Tuesday, December 2, 2008

Dolly's Doing Her Part

Photo courtesy of thegaywitch.wordpress.com           

I always knew that I liked Dolly Parton. I mean, she is beautiful and kind hearted. She can sing like few others, and I have always loved her charming Southern accent when she calls people, "Honey."

What I didn't know about Dolly impressed me even more. Ever heard of Dolly Parton's Imagination Library? 

I hadn't either. It is a foundation that Dolly started in 1996 in her hometown of Sevierville, Tenn. Every month, this foundation sends every child in Sevierville from birth until his or her 5th birthday a new book. These are not just any books either. These are age-appropriate, hard cover books chosen by a panel of child education experts. And the best part is that children of all socioeconomic backgrounds can receive these books because the whole program is completely free of charge!

Taking this foundation a step further in 2004, Tennessee's governor Phil Bredesen established the Governor’s Books from Birth Foundation® (GBBF). This ensures that the same program in Sevierville that Dolly Parton established would be available to ALL Tennessee children from birth to age five. 

See? She is great!!!

As a Communication Sciences and Disorders student, this news is like music to my ears. Because a large focus for my field is developing children's language, we are very concerned with literacy. And as one could imagine, children who have the advantage of an emphasis on literacy in their home environments struggle much less with language when they become school age.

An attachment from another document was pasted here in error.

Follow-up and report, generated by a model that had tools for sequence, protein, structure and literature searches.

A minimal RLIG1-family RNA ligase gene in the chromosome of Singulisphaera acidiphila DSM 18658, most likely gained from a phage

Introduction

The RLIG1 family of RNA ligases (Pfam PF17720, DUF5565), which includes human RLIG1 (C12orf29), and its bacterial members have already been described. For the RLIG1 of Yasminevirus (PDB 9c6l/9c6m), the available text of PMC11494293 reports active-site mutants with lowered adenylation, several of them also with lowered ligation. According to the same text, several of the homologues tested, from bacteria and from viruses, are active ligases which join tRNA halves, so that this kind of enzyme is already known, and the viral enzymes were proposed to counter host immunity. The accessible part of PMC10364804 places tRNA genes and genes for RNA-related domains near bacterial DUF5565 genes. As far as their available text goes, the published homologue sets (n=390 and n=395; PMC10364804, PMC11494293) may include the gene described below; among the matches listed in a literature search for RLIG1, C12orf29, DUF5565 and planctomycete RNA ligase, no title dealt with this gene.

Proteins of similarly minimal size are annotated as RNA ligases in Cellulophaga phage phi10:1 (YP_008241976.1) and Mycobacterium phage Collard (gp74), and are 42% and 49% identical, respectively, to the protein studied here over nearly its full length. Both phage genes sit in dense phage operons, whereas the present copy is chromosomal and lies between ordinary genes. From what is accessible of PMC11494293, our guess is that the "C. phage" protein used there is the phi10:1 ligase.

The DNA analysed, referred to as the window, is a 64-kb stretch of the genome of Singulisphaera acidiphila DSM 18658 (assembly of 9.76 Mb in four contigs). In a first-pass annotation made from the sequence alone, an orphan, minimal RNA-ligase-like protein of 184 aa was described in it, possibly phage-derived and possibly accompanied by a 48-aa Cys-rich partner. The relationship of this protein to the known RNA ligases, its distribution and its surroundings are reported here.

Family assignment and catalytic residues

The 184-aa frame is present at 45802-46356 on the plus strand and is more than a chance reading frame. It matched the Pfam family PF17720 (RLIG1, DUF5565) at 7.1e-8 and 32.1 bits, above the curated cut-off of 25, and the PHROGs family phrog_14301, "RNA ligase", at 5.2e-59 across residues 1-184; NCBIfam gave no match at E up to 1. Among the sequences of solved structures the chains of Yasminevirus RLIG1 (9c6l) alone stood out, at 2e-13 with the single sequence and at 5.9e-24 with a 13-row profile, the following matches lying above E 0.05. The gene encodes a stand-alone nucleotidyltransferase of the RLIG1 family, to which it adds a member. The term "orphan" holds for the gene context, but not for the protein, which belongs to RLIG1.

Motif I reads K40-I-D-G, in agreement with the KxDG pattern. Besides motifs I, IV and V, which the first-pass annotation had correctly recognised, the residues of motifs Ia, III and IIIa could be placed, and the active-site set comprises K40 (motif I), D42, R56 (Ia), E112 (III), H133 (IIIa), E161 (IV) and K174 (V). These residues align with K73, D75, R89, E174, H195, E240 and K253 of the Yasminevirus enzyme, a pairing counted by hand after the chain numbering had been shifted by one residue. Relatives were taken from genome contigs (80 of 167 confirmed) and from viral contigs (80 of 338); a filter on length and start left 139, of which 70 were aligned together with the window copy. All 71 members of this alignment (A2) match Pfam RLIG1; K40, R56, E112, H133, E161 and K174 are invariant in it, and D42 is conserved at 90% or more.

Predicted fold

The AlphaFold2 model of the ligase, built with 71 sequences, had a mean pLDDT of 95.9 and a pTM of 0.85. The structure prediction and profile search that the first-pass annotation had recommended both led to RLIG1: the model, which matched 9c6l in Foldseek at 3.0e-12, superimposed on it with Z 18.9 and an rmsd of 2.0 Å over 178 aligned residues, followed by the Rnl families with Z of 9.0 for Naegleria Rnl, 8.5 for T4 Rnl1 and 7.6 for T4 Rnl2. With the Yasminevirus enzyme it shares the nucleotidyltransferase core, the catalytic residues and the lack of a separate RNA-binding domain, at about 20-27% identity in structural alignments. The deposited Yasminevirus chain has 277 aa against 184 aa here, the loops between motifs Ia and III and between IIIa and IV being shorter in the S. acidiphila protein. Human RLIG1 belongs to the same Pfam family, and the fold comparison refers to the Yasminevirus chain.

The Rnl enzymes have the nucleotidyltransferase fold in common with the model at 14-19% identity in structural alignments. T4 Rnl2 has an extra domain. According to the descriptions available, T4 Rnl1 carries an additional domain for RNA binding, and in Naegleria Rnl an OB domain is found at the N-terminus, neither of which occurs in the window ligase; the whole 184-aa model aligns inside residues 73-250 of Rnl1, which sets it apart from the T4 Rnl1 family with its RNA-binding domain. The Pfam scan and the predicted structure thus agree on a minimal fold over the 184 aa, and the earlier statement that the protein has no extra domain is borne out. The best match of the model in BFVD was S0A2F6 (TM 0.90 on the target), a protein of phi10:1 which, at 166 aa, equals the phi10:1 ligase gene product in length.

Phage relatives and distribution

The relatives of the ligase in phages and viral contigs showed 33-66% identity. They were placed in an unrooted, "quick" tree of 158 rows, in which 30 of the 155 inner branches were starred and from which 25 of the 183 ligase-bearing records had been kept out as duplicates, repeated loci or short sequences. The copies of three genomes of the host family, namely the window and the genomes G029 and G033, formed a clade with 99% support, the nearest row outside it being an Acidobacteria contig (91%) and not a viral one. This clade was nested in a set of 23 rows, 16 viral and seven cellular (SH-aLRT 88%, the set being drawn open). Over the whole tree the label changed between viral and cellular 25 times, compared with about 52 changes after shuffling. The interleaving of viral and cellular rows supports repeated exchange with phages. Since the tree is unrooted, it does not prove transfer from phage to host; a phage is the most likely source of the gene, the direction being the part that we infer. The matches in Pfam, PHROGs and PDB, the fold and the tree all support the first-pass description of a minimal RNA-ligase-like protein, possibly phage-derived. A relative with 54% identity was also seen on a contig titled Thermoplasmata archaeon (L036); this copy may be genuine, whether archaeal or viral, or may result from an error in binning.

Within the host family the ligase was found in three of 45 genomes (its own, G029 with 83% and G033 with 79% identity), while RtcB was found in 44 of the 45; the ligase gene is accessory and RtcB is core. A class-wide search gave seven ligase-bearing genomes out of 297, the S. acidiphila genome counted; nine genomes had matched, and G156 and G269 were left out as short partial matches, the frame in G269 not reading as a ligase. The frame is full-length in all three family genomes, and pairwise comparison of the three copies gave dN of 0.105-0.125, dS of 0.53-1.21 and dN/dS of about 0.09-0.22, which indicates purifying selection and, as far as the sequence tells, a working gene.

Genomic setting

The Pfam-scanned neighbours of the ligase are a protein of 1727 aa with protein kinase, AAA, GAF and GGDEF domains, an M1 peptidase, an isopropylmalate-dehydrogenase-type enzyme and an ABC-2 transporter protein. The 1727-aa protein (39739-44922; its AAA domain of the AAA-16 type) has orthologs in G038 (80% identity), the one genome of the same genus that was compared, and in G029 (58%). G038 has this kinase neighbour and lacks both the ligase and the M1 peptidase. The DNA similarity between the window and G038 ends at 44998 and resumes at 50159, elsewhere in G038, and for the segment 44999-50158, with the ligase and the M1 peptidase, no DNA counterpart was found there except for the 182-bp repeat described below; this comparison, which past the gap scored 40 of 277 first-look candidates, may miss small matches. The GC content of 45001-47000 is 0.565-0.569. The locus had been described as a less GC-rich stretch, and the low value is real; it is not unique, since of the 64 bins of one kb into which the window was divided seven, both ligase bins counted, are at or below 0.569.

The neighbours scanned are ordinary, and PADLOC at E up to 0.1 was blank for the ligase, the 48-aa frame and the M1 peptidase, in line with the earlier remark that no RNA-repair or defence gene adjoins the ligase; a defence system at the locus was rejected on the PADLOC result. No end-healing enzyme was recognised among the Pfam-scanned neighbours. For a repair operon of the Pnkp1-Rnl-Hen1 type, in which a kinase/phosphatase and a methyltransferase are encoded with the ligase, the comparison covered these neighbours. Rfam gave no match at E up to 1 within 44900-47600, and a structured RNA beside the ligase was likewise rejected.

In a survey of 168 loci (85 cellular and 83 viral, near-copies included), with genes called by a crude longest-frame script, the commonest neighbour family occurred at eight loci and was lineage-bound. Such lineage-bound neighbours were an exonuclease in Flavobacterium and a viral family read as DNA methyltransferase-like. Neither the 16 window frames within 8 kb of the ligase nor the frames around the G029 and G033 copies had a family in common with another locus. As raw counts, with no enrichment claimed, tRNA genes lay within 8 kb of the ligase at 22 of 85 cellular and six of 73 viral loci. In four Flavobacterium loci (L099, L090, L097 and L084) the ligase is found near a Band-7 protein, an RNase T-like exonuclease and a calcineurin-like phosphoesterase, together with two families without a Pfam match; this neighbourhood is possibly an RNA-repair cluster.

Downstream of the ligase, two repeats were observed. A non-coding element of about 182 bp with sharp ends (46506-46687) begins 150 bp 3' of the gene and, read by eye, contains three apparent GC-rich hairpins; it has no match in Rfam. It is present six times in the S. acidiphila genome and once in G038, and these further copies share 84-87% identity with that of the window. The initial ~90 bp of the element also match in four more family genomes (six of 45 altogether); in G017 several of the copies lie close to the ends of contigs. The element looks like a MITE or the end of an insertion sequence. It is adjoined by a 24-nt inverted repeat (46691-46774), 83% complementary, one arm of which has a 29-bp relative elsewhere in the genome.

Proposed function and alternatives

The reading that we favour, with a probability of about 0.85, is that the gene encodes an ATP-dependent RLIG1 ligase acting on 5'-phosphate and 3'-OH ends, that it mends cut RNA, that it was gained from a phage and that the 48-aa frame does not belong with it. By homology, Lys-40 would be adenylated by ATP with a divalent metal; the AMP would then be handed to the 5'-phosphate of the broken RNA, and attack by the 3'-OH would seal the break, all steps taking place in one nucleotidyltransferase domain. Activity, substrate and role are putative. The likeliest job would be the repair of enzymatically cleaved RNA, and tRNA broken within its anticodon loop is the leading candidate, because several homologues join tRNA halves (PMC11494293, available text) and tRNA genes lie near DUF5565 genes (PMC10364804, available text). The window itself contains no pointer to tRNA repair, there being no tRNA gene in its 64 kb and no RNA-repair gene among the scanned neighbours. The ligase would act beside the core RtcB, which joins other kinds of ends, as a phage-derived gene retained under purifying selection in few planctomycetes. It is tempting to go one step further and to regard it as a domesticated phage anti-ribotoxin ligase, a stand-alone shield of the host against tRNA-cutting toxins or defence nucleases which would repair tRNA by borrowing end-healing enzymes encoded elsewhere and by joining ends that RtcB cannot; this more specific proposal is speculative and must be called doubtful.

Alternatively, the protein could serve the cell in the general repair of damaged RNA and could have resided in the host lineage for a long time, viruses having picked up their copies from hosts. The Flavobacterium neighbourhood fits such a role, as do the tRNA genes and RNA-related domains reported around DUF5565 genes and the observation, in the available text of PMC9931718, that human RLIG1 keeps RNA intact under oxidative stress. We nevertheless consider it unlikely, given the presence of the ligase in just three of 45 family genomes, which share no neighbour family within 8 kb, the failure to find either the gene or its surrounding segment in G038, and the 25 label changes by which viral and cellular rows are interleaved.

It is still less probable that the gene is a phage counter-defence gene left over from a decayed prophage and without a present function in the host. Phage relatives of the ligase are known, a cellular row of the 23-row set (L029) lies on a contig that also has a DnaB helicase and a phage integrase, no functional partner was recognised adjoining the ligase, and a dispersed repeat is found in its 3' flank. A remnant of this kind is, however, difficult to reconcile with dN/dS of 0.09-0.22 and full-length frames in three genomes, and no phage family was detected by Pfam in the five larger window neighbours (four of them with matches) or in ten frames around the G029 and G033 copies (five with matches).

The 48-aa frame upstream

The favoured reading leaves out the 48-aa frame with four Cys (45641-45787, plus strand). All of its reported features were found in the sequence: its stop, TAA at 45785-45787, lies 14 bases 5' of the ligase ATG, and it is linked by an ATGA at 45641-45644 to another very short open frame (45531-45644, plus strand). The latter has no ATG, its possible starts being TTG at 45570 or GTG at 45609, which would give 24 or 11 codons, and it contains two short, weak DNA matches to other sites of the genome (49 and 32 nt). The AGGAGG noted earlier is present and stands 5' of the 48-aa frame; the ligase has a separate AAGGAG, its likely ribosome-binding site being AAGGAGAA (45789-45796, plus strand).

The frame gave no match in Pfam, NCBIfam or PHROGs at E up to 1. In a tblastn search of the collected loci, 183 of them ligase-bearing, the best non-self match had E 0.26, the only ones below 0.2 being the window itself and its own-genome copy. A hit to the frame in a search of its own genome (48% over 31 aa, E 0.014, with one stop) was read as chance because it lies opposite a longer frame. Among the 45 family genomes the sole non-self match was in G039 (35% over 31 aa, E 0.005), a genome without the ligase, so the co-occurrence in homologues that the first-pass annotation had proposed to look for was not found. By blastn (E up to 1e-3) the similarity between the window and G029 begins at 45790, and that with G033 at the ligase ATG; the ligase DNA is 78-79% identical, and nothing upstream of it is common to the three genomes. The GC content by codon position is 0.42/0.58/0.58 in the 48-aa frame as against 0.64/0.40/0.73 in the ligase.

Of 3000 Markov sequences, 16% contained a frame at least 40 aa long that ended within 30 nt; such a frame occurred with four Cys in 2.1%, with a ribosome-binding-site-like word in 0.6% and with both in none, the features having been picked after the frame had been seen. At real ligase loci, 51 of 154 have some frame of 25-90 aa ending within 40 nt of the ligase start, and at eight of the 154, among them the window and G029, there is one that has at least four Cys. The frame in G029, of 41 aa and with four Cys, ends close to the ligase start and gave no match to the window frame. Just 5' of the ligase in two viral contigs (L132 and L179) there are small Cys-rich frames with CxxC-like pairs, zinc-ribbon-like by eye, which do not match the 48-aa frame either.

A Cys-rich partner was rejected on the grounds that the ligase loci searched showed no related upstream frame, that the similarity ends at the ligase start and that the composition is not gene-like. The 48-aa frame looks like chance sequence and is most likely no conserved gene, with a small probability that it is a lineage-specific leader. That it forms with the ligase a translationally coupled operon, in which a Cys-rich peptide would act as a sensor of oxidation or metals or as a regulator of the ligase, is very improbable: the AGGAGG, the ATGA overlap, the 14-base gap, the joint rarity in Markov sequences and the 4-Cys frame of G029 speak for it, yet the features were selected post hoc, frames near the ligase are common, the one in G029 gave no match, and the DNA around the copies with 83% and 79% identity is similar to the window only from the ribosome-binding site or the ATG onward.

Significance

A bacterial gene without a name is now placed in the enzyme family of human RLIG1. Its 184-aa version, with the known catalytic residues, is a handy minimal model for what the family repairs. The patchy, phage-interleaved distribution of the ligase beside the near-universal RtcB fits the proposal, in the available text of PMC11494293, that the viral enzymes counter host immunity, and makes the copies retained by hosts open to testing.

According to the 2003 census, 19.6 percent of children under the age of 6 live below the poverty level. According to several recent studies, children who fall into the category of impoverished have had a significantly lower number of books read to them than children in middle and upper class families. This is partly due to the availability of books to children in these situation. The ratio of books to children in middle-income neighborhoods is approximately 13 books to 1 child, while the ratio in low-income neighborhoods is 1 book to 300 children.*

This lack of reading and literacy development contributes to a lower number of words that impoverished children have been exposed to. The average number of words that a child from a low-income family has heard is one half to one third of the amount that a child from a middle or upper class has heard. This leads to a lack of language development, as well as likely reading delays.

So, props to Dolly, and if you happen to be in a charitable mood this holiday season, consider giving to a foundation or organization such as Dolly Parton's Imagination Library and give some child the chance to read!

*Neuman, Susan B. and David K. Dickinson, ed. Handbook of Early Literacy Research, Volume 2. New York, NY: 2006, p. 31.